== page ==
I think the concept of a downtown arena is very much alive, and perhaps more than ever with the potential for new ownership partners if not new owners entirely at some point in the future. Before his passing, Eugene Melnyk is believed to have submitted an expression of interest to build a rink on the LeBreton Flats. 

And while, as you reference, there is expected to be an announcement by the National Capital Commission in June of a preferred partner for a major attraction of some kind, and then a 60-day negotiating window beyond that, there is no reason the Sens can’t be in the game.

The fact that Melnyk’s heirs, daughters Anna and Olivia, are still sorting through their options shouldn’t be a barrier to getting something done. Any new partners that could get involved will surely be on board with an NHL wish to have a new central arena for Ottawa. And as to NCC deadlines, let’s just say this. Much of LeBreton has sat idle for 60 years. A few more months, give or take, while the Senators ownership situation gets clarified should not matter. 

@fred): I think it’s unlikely they fire the HC or GM this off-season. Do you think they bolster the front office or the coaching staff with more hockey minds? Or steer the course with what they have, which seems on the thinner side compared to other franchises?

That’s a great question. I know that some in the organization would love to see more heft on the hockey organization side, not just scouting but in analytics, skills coaches, skating coaches. A lot of teams are really expanding these aspects of their programs. The Sens are not expected to fill the vacancy left by McGuire and they take some pride in their lean and mean approach, but they could use more support. Maybe that changes as ownership evolves.

Meanwhile, Dorion and head coach D.J. Smith are under enormous pressure to have a competitive team next season. They will have to walk that tightrope of making the team stronger without sacrificing the future, which looks bright. 

tuna99hockeyfl1 (@tuna99hockeyflow) Tweeted: What’s the realistic outreach the Sens have in the business community. How many big businesses (Shopify i.e.) have been left out of buying tickets and supporting the team?

I love this question because it doesn’t get talked about enough, the disconnect between the hockey club and area business, a decline that has been evident for several years now.

A fresh approach now seems possible. Just consider the partnership between the Senators and OSEG (which owns the OHL 67’s and CFL Redblacks) in a recent bid to host the World Junior Hockey Championships. The bid fell short, but that partnership would not have been possible even a few months ago.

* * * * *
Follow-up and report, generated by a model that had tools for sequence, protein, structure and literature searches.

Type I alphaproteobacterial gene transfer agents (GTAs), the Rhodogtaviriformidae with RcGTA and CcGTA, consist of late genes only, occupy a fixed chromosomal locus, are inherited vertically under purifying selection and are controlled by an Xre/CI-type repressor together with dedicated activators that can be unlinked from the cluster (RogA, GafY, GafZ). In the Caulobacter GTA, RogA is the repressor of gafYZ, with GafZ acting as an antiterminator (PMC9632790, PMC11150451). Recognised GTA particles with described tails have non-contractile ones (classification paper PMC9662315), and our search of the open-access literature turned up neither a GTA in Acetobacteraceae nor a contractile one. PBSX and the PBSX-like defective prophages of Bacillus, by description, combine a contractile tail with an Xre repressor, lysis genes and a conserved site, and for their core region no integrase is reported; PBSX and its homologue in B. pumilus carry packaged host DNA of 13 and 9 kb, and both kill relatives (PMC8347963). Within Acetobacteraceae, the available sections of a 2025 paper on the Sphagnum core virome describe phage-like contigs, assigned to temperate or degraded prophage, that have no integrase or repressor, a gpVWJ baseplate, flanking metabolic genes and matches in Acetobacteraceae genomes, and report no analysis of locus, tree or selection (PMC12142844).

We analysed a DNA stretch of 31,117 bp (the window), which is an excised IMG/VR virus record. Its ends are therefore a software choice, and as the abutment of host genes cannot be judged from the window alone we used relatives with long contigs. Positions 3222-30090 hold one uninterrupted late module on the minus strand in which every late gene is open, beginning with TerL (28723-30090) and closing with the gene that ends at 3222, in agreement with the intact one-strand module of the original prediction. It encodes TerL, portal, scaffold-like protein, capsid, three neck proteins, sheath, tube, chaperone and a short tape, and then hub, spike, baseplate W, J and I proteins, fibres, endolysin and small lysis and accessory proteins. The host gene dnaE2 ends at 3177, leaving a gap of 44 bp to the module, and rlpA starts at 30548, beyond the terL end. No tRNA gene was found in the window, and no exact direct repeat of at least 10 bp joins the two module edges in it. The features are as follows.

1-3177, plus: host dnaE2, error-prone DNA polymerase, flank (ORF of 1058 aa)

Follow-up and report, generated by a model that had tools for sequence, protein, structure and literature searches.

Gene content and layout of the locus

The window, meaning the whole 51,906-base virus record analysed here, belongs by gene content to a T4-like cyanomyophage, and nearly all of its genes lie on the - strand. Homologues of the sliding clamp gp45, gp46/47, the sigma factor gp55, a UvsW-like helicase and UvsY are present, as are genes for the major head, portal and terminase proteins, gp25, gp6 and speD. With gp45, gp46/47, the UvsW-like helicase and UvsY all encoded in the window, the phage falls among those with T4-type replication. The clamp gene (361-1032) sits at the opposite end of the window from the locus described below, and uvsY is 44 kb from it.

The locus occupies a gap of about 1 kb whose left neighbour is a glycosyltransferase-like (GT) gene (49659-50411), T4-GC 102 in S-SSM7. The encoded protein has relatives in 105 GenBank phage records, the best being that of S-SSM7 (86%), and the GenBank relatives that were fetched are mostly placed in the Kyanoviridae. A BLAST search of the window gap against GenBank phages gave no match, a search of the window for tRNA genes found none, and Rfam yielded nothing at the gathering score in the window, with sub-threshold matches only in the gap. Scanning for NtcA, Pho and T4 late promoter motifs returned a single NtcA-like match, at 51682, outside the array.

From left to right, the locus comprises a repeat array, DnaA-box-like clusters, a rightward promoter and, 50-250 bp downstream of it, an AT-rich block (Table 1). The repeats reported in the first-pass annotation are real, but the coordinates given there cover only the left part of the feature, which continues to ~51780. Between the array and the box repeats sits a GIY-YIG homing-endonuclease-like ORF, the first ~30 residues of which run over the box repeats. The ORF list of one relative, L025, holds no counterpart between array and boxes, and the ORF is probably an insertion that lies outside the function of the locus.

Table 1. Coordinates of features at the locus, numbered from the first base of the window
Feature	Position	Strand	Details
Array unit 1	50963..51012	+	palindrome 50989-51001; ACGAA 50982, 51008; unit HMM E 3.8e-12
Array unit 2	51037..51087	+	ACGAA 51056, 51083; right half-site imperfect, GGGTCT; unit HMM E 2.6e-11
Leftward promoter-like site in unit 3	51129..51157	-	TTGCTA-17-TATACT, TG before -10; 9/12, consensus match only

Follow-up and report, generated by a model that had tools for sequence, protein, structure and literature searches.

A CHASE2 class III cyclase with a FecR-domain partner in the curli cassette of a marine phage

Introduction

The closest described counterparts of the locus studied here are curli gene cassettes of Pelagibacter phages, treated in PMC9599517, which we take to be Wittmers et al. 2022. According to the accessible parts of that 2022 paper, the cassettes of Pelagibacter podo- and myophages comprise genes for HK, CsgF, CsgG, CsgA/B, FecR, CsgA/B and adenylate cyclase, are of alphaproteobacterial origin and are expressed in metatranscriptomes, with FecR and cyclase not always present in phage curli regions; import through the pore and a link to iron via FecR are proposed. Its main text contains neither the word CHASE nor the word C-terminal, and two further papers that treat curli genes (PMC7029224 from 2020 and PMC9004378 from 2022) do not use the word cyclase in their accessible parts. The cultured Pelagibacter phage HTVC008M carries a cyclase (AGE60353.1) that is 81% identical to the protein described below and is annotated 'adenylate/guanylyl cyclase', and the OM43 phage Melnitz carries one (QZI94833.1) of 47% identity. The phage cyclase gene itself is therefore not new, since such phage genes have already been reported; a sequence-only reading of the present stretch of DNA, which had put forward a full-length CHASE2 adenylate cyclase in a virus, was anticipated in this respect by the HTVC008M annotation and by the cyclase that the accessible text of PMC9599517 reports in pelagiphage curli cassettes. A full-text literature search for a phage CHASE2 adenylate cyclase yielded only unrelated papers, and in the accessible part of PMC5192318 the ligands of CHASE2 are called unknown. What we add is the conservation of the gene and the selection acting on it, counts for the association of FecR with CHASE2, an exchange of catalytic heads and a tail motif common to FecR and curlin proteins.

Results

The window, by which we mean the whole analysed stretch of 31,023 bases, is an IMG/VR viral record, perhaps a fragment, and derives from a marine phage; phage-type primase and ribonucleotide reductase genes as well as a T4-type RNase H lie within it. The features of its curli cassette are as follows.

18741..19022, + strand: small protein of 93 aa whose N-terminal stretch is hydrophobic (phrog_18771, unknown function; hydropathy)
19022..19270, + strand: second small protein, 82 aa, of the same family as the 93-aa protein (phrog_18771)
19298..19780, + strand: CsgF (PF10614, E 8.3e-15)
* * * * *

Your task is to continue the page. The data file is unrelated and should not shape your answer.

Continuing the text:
I expect we will see more alumni involvement, including a return of Daniel Alfredsson as a more active participant and a stronger community outreach of the hockey team. Small businesses have felt ignored for some time. There is some work to be done here but what an opportunity to have area businesses in Ottawa and Gatineau feel that this is “their” team. 

Owen Kelly: Expecting a nice expose on the “short-lived stint” (of Pierre McGuire).

Didn’t receive a lot of questions on McGuire’s departure, perhaps because there was a pretty clear understanding he was ‘Melnyk’s guy.’ The late Eugene Melnyk hired McGuire to assist Dorion, yet McGuire was not Dorion’s boss, but working under him with a vague Senior VP of Hockey Development title. From what I can gather, McGuire was consulted on the pro scouting side but wasn’t really encouraged to do much as far as prospect development.

He did some travel, including a trip with Dorion to visit Jake Sanderson at UND. But Dorion didn’t hire this assistant that many viewed as a threat to his job, so it was not a shock to see him leave. But kudos to him for getting a three-year deal. He will have options to get back into hockey in some aspect, including broadcast. Staff have told me that McGuire was pleasant, positive and easy to have around. It was just an awkward arrangement because the hire was never Dorion’s idea.